In Granite Construction Company, ASBCA No. 62281 (November 1, 2023), the Armed Services Board of Contract Appeals ("Board") addressed the issue of what constitutes a reasonable period of time to suspend work under the suspension-of-work clause (FAR 52.242-14).
In Granite, the contractor entered into a contract with the United States Army Corps of Engineers (government) to construct new outlet structures and cutoff walls at two dams to support a federal flood control project in Houston. The contract incorporated by reference the suspension-of-work clause and also included a provision (section 1.4) that explained how time extensions would be determined for unusually severe weather.
In August 2017, Hurricane Harvey brought rain and flooding to the project site, leading to the government releasing water from the dams at the project site. Thereafter, the government issued a suspension of work directing the contractor to cease work on the new construction. The suspension lasted 49 days.
The contractor subsequently filed a request for equitable adjustment for the costs resulting from the suspension. The government and the contractor executed a modification for 30 days of the suspension but left open the contractor's right to claim for the remaining 19 days of the suspension. The government took the position that the 19 days were anticipated adverse weather days identified in section 1.4 of the contract.
The Board granted the contractor partial summary judgment by holding that adverse weather delays set forth in section 1.4 of the contract may not be subtracted from a suspension period issued pursuant to the suspension-of-work clause. The Board stated that section 1.4 only defines what constitutes "unusually severe weather" for determining if a default is excused under the default clause, and there is nothing linking that section and the default clause to the suspension of work clause.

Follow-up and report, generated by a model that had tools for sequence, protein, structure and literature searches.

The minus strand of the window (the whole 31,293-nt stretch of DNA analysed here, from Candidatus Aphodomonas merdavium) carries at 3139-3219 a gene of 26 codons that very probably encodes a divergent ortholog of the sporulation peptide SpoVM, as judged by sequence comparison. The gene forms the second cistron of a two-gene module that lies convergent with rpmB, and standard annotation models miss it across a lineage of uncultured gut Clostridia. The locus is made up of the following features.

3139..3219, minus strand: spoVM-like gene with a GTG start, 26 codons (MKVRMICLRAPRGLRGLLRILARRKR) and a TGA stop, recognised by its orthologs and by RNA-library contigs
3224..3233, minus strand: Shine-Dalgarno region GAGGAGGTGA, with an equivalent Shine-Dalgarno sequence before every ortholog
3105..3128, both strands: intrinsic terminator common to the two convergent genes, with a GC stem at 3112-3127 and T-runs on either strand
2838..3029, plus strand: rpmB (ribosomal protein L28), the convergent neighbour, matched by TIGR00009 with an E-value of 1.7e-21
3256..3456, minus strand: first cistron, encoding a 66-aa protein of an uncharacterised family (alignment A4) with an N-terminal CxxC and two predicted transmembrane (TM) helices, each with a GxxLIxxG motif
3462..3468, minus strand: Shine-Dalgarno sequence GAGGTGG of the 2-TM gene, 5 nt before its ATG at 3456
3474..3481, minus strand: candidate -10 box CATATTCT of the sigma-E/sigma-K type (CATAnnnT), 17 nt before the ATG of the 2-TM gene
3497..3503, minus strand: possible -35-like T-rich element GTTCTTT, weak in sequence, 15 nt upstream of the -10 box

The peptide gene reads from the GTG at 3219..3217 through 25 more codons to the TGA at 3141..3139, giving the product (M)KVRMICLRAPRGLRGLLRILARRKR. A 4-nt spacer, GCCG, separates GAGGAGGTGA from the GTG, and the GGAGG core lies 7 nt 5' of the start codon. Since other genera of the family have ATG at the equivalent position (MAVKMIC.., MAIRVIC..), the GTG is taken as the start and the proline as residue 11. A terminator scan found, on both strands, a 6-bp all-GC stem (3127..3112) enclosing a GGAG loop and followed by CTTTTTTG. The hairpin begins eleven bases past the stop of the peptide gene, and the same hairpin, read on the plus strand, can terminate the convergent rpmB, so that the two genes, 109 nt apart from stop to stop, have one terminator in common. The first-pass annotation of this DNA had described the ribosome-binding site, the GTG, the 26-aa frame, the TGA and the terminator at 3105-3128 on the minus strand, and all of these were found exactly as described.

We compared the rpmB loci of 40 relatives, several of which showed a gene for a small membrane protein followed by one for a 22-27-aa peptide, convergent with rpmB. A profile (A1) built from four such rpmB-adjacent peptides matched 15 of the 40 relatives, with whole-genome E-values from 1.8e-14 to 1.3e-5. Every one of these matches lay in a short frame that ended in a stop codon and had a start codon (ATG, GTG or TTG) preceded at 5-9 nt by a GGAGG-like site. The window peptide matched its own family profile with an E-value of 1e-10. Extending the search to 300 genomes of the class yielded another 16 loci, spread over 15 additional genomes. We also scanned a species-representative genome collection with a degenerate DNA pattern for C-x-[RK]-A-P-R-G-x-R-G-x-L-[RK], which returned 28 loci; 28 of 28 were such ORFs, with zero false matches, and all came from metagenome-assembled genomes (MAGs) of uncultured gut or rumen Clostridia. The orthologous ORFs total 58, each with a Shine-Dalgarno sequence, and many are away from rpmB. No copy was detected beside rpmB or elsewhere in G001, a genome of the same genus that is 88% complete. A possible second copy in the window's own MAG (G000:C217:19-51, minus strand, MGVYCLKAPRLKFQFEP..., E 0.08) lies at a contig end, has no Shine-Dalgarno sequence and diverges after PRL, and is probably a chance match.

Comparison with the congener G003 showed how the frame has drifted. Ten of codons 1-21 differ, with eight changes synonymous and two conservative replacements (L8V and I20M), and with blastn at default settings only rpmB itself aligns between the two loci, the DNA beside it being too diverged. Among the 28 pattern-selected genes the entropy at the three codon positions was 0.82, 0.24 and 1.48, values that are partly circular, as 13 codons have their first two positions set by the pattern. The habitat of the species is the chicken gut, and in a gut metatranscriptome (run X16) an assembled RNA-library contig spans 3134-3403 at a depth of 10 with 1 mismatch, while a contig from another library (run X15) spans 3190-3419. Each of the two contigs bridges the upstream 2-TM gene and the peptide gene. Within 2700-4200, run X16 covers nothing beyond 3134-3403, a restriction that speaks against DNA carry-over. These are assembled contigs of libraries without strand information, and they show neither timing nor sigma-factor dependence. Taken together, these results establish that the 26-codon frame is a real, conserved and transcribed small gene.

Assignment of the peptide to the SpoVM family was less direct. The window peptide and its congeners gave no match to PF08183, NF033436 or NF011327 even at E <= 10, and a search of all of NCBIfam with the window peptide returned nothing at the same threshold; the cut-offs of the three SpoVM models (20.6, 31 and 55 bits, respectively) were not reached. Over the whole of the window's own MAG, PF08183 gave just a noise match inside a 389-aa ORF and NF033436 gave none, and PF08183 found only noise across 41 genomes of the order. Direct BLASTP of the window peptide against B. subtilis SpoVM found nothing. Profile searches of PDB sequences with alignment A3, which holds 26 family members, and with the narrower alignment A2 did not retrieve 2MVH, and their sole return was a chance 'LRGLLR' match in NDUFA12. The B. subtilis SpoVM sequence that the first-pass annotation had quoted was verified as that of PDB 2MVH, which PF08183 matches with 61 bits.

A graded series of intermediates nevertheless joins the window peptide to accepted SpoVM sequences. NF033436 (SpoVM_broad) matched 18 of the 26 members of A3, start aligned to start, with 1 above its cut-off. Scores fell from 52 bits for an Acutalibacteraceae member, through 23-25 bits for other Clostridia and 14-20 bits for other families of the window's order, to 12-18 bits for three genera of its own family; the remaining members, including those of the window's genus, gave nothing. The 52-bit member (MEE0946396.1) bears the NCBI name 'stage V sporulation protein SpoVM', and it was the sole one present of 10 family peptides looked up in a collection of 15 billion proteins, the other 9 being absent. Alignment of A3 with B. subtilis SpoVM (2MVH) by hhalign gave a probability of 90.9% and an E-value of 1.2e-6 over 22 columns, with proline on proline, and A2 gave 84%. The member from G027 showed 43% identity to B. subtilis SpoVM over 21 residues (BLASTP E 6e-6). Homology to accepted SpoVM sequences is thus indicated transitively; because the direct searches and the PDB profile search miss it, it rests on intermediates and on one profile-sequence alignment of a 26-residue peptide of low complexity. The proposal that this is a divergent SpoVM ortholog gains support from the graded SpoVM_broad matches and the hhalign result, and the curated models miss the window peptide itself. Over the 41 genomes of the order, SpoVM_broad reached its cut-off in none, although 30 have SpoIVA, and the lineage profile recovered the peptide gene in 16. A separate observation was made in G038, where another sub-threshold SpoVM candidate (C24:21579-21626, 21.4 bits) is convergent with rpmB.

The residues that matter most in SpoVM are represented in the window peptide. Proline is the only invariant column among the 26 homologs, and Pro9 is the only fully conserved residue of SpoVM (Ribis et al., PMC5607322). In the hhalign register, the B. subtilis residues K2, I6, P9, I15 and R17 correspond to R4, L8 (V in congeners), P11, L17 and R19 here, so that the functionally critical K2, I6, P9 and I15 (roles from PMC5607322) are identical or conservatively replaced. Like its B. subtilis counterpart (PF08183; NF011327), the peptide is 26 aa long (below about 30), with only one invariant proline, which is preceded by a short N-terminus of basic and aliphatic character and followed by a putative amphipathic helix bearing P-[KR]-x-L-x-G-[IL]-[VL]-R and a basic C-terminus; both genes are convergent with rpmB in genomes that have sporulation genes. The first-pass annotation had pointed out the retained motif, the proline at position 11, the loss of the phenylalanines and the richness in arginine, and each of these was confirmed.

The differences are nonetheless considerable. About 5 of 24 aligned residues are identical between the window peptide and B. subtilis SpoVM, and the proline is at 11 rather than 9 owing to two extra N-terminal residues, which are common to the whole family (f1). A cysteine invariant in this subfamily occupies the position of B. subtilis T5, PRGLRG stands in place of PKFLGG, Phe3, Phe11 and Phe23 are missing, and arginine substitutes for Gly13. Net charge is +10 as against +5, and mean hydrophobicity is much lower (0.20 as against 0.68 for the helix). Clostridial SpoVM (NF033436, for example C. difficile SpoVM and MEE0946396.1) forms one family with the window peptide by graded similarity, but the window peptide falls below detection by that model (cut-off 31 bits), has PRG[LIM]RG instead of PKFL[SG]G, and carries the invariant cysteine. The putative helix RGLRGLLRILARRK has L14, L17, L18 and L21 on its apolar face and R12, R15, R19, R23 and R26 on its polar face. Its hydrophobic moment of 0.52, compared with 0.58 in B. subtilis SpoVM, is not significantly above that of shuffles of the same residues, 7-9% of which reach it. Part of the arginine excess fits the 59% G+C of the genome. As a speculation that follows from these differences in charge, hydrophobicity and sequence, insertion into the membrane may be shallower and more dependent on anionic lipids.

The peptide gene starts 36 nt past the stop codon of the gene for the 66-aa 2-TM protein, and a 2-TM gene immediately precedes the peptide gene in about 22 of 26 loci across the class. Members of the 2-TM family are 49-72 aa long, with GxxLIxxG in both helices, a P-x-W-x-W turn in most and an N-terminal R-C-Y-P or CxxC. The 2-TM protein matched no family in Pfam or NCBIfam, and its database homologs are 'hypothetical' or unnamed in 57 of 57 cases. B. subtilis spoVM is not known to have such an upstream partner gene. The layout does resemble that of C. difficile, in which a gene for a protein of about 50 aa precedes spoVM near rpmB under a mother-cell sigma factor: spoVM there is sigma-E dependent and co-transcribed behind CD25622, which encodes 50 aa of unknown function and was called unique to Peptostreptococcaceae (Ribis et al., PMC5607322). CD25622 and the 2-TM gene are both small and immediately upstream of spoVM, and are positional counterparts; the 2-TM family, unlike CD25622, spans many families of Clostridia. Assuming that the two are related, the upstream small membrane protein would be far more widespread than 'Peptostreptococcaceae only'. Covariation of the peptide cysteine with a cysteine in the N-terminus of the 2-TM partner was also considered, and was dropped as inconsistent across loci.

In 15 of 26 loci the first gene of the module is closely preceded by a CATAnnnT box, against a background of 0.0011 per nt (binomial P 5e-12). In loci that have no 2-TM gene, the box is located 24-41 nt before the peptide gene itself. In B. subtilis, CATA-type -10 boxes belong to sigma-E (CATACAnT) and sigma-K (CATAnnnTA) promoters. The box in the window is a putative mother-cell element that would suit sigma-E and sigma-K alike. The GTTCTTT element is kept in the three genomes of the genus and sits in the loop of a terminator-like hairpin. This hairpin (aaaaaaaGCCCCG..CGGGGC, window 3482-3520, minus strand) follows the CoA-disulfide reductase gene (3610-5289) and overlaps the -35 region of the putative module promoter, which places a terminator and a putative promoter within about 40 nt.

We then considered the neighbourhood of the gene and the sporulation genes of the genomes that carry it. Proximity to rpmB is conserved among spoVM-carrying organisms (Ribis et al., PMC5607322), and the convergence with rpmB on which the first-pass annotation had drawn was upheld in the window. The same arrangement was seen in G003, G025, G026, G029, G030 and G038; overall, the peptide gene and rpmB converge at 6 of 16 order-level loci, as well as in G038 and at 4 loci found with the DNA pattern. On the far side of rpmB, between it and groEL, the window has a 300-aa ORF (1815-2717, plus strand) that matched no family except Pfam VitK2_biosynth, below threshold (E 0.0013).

The Board then stated the remaining issue was "whether the 49 day suspension period was 'reasonable,' as that word is used in the Suspension Clause, or not." The Board noted that under the suspension-of-work clause, a contractor is only entitled to an equitable adjustment when the government suspends work for an unreasonable period of time, thereby delaying the work. The Board explained that a contractor may be compensated only for unreasonable government delays because there are "some situations in which the government has a reasonable time to make changes before it becomes liable for delay."
The Board then set forth the contractor's burden of proof: (1) establish there was a delay of unreasonable length extending the contract completion time; (2) establish the unreasonable delay was proximately caused by the government's action or inaction, (3) establish the delay resulted in some injury, and (4) establish there was no concurrent delay that was the contractor's fault.
The Board found that the contractor failed to prove the government suspended the contract for an unreasonable amount of time, noting that the suspension was limited in nature, and while it prohibited the contractor from performing new construction, it permitted the contractor to perform other work such as emergency repairs, repairs to damaged work and recovery and restoration activities. The Board also found that the contractor's own reports established that the contractor could not perform work on critical activities during the 49-day suspension due to flooding. The Board held that this established the suspension period was reasonable because the contractor could not perform work prior to the end of the suspension period. Since the delay was proximately caused by the flooding, the government could not be the sole cause of delay for purposes of the suspension-of-work clause.
The teaching point from this decision is that when the government suspends work pursuant to the suspension-of-work clause, the contractor must focus on tying the delay to government action as opposed to its own or third-party action.